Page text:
Case Report Describes Rare Cushing’s Complication

Vanda Pinto, PhD avatar

by Vanda Pinto, PhD |

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A recent report describes the case of a woman with adrenocorticotropic hormone (ACTH)-independent Cushing’s syndrome who remained undiagnosed for two years after developing femoral avascular necrosis — a condition in which the bone tissue around the head of the thighbone dies due to lack of blood supply.

Although bone avascular necrosis is rarely caused by excessive levels of cortisol, this case highlights the need to identify unusual features of Cushing’s so that treatments can start sooner, thereby preventing further complications.

“Our case demonstrates that avascular necrosis of the hip may be an alarming presenting feature of [Cushing’s syndrome],” the researchers wrote.

The case report study, “Avascular femoral necrosis as part of Cushing syndrome presentation: a case report,” was published in the Journal of Medical Case Reports.

Cushing’s syndrome is characterized by excessive levels of the hormone cortisol in the body. The condition can be ACTH-dependent or ACTH-independent.

Patients with ACTH-dependent Cushing’s typically have tumors that release high amounts of ACTH, which promotes the production of cortisol by the adrenal glands that sit atop the kidneys. Conversely, in patients with ACTH-independent Cushing’s, the adrenal glands produce too much cortisol independently of ACTH, often due to the presence of benign or malignant tumors.

Although the symptoms and complications of Cushing’s are well-known, some are uncommon and may be overlooked. Avascular necrosis of the femoral head is a painful condition that is caused when the blood supply to the head of the thighbone is interrupted, resulting in the death of bone tissue.

From 10% to 30% of all cases of avascular necrosis of the femoral head are associated with glucocorticoid therapy. Glucocorticoids are used to treat many inflammatory conditions. Only a few case reports have described this condition as a complication of Cushing’s syndrome.

Researchers in Portugal now reported the case of a woman with ACTH-independent Cushing’s syndrome who remained undiagnosed for two years after presenting with avascular necrosis of her right hip.

The 38-year-old woman was referred for evaluation since she had been missing menstrual cycles. She started missing her cycles after stopping hormonal birth control due to a deep-vein thrombosis (DVT), a condition in which a blood clot forms in one or more of the deep veins in the body.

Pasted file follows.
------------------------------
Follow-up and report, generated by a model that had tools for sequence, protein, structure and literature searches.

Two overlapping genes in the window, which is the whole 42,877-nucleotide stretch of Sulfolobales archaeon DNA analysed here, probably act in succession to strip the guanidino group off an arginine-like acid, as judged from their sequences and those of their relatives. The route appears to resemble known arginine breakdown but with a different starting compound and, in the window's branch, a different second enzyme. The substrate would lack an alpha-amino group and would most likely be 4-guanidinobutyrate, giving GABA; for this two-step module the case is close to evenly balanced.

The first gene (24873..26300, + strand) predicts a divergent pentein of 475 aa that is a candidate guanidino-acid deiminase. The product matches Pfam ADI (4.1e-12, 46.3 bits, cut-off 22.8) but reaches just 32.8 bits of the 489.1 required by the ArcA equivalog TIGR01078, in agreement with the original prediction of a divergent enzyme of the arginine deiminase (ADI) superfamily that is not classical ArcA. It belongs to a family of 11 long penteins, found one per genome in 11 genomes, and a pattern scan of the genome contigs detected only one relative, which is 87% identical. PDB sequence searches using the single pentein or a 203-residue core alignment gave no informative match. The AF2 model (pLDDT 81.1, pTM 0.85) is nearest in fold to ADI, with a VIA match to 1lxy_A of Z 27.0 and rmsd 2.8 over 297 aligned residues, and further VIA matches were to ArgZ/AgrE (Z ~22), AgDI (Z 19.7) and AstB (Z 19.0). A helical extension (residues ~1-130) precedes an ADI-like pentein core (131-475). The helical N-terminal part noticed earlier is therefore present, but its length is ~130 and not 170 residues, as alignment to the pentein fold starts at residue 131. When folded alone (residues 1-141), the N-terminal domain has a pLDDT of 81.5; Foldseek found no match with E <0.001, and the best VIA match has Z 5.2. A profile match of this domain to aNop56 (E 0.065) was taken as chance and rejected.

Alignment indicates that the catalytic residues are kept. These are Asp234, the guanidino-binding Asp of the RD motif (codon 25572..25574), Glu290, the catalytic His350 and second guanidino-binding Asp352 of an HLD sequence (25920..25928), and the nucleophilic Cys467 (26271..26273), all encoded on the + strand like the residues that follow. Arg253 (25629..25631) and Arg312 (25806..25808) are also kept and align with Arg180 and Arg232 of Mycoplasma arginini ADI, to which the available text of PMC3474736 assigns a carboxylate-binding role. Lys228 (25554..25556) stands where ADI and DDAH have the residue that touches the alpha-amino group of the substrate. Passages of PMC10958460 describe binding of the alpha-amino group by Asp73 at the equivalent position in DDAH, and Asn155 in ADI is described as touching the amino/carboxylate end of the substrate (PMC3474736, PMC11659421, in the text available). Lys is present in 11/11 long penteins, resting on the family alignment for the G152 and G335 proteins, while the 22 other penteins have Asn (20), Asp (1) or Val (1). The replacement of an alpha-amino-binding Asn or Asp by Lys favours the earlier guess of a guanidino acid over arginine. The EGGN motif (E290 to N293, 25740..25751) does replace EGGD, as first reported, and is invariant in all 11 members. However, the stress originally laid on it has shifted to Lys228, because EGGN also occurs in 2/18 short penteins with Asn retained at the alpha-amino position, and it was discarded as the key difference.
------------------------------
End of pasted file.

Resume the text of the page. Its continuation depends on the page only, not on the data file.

She previously had a surgical procedure on her right hip to treat avascular necrosis of the femoral head. This had been diagnosed after three years of gradual right hip pain and restricted movements.

The patient also had a five-year history of high blood pressure and reported that she had gained weight (4 kilograms, or about 9 pounds) in the past two years. She had no history of fertility issues.

When examined, she had several classical features of Cushing’s, including obesity around her midsection, facial redness, easy skin bruising, and loss of muscle mass and muscle weakness.

The overnight dexamethasone suppression test (ODST) failed to lower her blood cortisol levels to less than 1.8 micrograms per deciliter (mcg/dL), suggesting the presence of Cushing’s syndrome. The ODST measures blood cortisol levels in the morning after patients take dexamethasone, a corticosteroid that normally suppresses cortisol production.

Her 24-hour urinary-free cortisol (UFC) levels also were high at 728.9 mcg/day, and far above the normal range (36–137 mcg/day). But her ACTH levels were very low (under 1.0 picograms/mL, with normal range being less than 63.3 pg/mL). These results were consistent with ACTH-independent Cushing’s syndrome.

A computed tomography (CT) scan of her adrenal glands revealed a 25 mm (almost 1-inch) lesion in her left adrenal gland. Her doctors surgically removed the left adrenal gland and she started cortisol-replacement therapy with hydrocortisone.

Three months after surgery, her blood pressure returned to a normal range and her menstrual cycles had resumed. Her UFC values also normalized (37.4 mcg/day).

Further tests showed the patient had osteoporosis and osteopenia, two conditions that cause bones to become weak and brittle. To reduce the risk of fractures, she was started on alendronate (70 mg/day) and cholecalciferol (600 international units daily).

After 10 months, an ACTH stimulation test, which measures how well the adrenal glands respond to ACTH, showed she had adrenal insufficiency. Since her remaining adrenal gland was still not working normally, her doctors postponed taking her off hydrocortisone.

However, during this period, she lost 9 kg (about 20 pounds.), her blood pressure returned to normal, and she entered in remission from Cushing’s.

Researchers noted that an earlier diagnosis of Cushing’s syndrome and identification of femoral avascular necrosis could have prevented the patient from needing hip surgery at such a young age. They also speculated high levels of cortisol might have contributed to her DVT.

“As this presentation is rare, our case reinforces the importance of a high index of suspicion and early recognition of [Cushing’s syndrome] atypical features, in order to avoid complications and delay in treatment of [Cushing’s syndrome],” the researchers wrote.

The team also noted that further research is needed to investigate why avascular necrosis develops in some patients with Cushing’s syndrome.